Other invasions occurred in later centuries, the most devastating of which was carried out by the Mongols, notorious for their organized butchery. In response to Mongol brutality, Persians retreated into the fatalistic mysticism of the Sufi order, an apolitical group under the tutelage of Safi-al Din of the Safavids renowned for his boundless generosity to the poor. Over the centuries, Sufism was transformed into a political force and gained a following among the tribal Turkomans who mobilized an army in its name. During this time the Persian Empire expanded under a brand of Sufi-influenced Shiism but was eventually defeated by the Ottoman Turks in 1514, taking the northwestern territory inhabited by the Turkoman tribes. The most enduring legacy of this period was the continued spread of Shiism which claimed 95% of the population by the 18th century (6).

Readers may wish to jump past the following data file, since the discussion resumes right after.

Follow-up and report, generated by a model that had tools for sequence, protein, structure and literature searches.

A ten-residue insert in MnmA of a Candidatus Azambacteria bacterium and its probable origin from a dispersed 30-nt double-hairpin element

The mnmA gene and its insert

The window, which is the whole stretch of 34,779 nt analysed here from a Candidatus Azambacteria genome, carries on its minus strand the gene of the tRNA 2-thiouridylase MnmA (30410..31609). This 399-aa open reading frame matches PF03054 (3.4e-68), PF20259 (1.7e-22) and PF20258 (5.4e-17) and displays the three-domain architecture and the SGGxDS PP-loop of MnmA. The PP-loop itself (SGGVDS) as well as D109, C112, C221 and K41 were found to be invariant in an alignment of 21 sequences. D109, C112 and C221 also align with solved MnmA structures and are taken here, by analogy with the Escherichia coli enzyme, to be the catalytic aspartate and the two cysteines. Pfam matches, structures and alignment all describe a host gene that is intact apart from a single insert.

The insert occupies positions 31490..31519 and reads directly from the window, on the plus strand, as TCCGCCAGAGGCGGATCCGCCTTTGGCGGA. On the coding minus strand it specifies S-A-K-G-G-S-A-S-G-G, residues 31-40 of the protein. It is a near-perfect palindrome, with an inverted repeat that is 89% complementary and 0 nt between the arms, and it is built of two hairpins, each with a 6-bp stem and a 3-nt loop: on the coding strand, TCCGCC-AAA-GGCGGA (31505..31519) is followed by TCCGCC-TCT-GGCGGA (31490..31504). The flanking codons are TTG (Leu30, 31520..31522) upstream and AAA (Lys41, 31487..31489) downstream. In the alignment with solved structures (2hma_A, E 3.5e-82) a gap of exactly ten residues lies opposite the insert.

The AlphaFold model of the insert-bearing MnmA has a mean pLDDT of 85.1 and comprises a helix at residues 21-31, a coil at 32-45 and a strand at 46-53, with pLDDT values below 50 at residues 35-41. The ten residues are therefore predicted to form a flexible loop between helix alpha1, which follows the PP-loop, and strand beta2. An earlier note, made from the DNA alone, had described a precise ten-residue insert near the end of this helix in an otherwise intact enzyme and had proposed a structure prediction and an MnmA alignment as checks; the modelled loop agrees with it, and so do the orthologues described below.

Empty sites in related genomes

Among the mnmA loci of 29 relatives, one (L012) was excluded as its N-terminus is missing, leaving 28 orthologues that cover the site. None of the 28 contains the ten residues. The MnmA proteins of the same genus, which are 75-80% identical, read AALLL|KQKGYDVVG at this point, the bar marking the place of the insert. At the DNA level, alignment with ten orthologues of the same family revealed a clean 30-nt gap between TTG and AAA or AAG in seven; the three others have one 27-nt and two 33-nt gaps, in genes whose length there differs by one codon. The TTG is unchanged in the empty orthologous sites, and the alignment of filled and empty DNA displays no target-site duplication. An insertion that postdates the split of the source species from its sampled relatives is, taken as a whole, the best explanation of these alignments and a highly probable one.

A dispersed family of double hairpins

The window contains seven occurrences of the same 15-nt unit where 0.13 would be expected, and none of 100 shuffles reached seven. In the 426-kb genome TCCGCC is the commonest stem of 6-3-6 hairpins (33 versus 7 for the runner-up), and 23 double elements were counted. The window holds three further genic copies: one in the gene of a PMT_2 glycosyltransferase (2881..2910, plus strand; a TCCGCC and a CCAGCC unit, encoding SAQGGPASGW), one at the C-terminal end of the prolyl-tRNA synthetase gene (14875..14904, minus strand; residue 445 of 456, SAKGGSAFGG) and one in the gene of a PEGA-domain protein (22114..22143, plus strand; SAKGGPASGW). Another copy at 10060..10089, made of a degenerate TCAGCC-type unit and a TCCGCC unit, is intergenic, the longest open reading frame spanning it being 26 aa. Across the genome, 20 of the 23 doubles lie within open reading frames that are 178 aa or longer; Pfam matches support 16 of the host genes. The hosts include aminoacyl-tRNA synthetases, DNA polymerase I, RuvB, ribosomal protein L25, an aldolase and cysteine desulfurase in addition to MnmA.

By the 19th century, the Persians were caught in conflict between imperial Britain and czarist Russia. Conflicts with Russia mostly took the form of border disputes while Britain, a more advanced industrial power, began dumping cheaply manufactured exports in Persia, which destroyed many local farmers, artisans and bazaaris, although a handful benefited from an increase in demand for raw materials to the west. By century’s end, most land was owned by absentee landowners and cultivated by sharecroppers whose produce was typically exported to the west (1).